When I first began to specialise in the SMSF audit world, I took on the role of SMSF auditor at the ATO. Working for the regulator of SMSF, the service standard for completing an audit was 90 days, I still shudder to think, and there was no opportunity to supply any information electronically. Everything had to be sent in by paper. We had one week to respond to emails or phone calls. This was accepted as the norm for a government body and there were few complaints or issues.
Leaving the tax office and landing my first role as senior auditor, the service standard had shrunk to 14 days. Everything was supplied electronically and emails were answered within 24 hours. At the time, this was hard to meet for our entire team and it seemed that, with queries being sent, the client was feeling that the process was taking too long.
After starting our own firm, I realised that the 14 days was considered fast from many of our new clients as they were used to waiting a month or more. We stuck with the standard 10 working days for all my clients’ agreements, baring queries of course.
Through increases in knowledge and automation, our current turnaround time has been reduced to around two to three days or 24 hours at times for all clients, and is now the standard our clients accept. Additionally, we respond to most emails, mostly rich with technical detail, within hours if not immediately.
We perform a number of additional tasks for our clients, from helping to draft an enforceable undertaking to supply to the ATO to discussing breaches directly with their clients.
An additional driver for clients has been price. The cost per audit has plummeted from well over $1,000 to fixed price audits under $500. Due to factors such as the ASIC SMSF auditor registration regime where are now many more independent small audit firms which can offer competitive prices due to lower overheads, outsourcing and/or having staff work remotely.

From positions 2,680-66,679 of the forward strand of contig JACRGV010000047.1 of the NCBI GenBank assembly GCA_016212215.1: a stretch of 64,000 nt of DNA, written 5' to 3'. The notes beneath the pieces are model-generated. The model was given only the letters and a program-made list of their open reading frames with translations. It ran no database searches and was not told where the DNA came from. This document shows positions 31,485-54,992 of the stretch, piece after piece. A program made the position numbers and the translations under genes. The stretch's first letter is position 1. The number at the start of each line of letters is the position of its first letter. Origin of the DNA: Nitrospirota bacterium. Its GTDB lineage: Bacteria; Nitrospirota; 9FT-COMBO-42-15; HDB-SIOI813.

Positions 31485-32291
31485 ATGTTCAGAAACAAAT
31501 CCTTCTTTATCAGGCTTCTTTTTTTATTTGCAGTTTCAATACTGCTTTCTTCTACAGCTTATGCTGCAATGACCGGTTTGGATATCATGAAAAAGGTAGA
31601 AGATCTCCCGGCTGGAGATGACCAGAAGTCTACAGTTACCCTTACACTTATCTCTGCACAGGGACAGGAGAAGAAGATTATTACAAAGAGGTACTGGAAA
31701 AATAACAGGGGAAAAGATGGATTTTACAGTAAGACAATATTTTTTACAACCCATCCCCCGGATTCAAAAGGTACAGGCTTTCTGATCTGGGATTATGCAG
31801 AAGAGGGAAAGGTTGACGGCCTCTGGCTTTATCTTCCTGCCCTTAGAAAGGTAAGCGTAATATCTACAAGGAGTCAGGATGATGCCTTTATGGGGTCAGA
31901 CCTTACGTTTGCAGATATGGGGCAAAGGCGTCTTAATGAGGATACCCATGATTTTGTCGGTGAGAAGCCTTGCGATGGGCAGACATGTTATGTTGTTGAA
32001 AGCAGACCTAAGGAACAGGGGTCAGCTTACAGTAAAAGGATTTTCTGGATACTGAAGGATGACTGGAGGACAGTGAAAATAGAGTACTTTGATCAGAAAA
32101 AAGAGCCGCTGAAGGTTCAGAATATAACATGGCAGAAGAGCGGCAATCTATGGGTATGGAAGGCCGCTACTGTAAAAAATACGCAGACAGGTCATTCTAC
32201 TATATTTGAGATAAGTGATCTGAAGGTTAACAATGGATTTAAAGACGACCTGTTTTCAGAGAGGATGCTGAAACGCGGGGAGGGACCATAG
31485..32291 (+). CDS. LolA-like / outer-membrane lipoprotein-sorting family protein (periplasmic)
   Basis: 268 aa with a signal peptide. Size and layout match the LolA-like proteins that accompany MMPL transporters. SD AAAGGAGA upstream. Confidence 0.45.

Looking forward, the realm of SMSF audit has become ever more specialised, to the point where we converse in section and regulation numbers, and we see more complex investments every day.
The expectation over the mid to longer term is that our clients and our firm work hand in hand to openly discuss their client, investments, issues and steps to rectify any breaches identified.
For many of my clients, we are shifting to having a brief discussion, via phone or email, regarding their clients’ fund before the audit procedure commences. The general structure of this dialogue usually follows the pattern of:
1. Our client reviewing our previous management letter or auditor contravention report, where previous issue has been identified, and a brief description of steps taken to rectify it;
2. Where any potential issues from the current year have been identified, a description of event and request for review in regards to the legislation and ATO view;
3. Our firm dispels any issues that are immaterial or inconsequential and prepares a detailed response, for use as file note, as to where each material issue may lead; and
4. Where needed we also call and discuss any other future issue that arises from specific requirements of the legislation or ATO.
By using this process, we ensure that we have all the required information before we commence our audit, thereby cutting down on queries and allowing the audit process to be completed in a timely manner. This enhances our relationships and strengthens it going forward, which is of upmost importance to us and our current and potential client base.
As this process takes shape, our clients choose to engage with us as early as possible which allows us to be a part of the annual SMSF process from the very beginning.
Looking at a possible saturation of SMSF auditors, in the longer view, clients want an auditor to offer something unique to each client and the needs they require. Clients driven by price will ultimately want the cheapest audit in the future, clients with a large SMSF portion of their business will be looking for a technical partner to complement their own skills and clients who have less SMSF technical knowledge will want an auditor who has clear knowledge of SMSF legislation to help them identify possible compliance risks.
With our changing landscape, we have seen ever shorting audit times and price reduction. As these are reaching their limits, the real driver will be audit expertise and auditor engagement with their clients. In other words, the ability of the auditor to add value to their clients’ needs.